Lee shoves teammate, apologizes

Without being instructed by his coaches or even informing them of his plans, USC receiver Marqise Lee stepped forward to the middle of the Trojans' huddle following their Sunday scrimmage and addressed his teammates.

“I apologize for my actions today,” Lee told the team in a 30-second speech at the Coliseum. “I’ll never do that in a game.”

An hour prior, an irate Lee had lost control after his go route was interfered with by walk-on cornerback Ryan Dillard. When a ball from Matt Barkley sailed over his head in the end zone, Lee violently shoved Dillard in the neck with a closed fist. Dillard was whistled for pass interference, but Lee's subsequent personal-foul penalty negated the 15 yards the Trojans would have gained.

He was taken out of the scrimmage and didn't participate the rest of the day. Lee said he used the time off to reflect on his flare-up, and he certainly sounded contrite when speaking while walking off the field afterward.

"I messed up," Lee told ESPNLosAngeles.com. "My reaction wasn't good. It was bad, and I should've never did it in the first place. I felt I needed to apologize.

"I'm responsible for my attitude on and off the field, so I felt it upon myself to apologize and tell the team that it'll never happen again."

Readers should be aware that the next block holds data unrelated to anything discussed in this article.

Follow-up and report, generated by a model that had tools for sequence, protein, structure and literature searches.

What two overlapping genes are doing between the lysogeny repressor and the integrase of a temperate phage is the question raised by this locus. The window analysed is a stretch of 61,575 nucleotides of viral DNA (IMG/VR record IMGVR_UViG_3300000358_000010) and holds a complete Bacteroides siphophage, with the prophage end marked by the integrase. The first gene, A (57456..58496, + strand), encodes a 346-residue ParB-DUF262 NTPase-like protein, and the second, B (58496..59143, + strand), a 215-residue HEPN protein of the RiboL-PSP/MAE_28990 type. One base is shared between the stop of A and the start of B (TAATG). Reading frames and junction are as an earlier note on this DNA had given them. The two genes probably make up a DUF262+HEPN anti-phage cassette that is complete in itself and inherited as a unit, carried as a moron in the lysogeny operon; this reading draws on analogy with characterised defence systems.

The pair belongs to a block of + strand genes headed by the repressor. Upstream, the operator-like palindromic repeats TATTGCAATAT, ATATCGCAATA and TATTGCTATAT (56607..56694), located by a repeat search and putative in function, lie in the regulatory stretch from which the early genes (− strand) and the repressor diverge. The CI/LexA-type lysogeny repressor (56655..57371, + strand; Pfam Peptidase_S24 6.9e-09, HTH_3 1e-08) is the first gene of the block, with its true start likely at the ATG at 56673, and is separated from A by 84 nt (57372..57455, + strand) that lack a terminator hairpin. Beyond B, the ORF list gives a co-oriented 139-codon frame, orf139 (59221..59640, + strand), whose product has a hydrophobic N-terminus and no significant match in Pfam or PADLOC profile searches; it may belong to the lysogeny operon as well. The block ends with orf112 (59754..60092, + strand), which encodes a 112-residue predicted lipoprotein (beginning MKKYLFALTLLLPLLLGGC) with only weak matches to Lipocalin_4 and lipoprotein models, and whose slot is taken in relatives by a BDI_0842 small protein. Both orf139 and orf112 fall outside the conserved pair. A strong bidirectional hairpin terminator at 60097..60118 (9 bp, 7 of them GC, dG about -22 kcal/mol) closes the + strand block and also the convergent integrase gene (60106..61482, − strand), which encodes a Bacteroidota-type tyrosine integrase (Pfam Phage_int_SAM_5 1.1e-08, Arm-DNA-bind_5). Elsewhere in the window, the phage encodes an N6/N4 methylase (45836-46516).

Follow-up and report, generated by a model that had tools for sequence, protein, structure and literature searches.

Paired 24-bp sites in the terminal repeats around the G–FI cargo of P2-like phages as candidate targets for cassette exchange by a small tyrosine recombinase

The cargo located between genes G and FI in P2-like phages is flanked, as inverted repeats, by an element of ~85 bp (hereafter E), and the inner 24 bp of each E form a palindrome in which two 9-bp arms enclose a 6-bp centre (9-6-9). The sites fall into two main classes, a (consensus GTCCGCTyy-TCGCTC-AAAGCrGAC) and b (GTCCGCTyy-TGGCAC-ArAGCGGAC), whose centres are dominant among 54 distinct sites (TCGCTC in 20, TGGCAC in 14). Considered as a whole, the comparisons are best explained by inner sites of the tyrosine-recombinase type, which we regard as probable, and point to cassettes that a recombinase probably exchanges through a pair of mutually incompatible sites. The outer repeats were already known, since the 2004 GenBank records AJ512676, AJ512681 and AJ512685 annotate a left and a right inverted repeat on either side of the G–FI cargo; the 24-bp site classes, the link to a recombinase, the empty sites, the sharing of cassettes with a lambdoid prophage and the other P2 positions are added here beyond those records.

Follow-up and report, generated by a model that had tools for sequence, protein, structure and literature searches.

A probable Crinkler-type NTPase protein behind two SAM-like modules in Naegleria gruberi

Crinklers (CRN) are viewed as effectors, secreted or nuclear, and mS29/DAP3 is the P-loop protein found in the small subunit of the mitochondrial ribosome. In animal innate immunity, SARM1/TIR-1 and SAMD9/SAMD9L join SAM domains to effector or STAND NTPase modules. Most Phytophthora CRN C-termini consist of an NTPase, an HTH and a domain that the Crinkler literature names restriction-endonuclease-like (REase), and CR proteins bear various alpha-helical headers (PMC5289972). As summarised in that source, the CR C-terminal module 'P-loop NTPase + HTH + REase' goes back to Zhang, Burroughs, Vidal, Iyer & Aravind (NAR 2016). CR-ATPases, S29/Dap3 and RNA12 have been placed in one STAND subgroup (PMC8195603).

Lee, who asked defensive captain T.J. McDonald for permission to speak in the huddle, spotlighted Dillard in his speech to his teammates, and he said after the scrimmage that the freshman has been impressive for a walk-on.

But, Lee said, he did speak to the referee who was responsible for the flags, and he told Lee that Dillard committed four separate interference penalties on the play.

Lee said "nobody needed to suggest" his post-practice speech.

"As soon as it was over, I felt bad about it," Lee said.

Trojans coach Lane Kiffin liked his star receiver's reaction to the incident, although he obviously didn't like Lee's initial action. But, Kiffin said, he understood why Lee was frustrated -- the Trojans were struggling on offense all throughout the scrimmage.

"That was good to see, and very unusual," Kiffin said of Lee's impromptu speech. "There was a frustration level there and it's a good one to learn from.

"Regardless of what's going on, whether you're giving up a bunch of points on defense or not scoring on defense, you can't get frustrated."

Kiffin said he hadn't spoken to Lee about the issue yet but planned to in the future.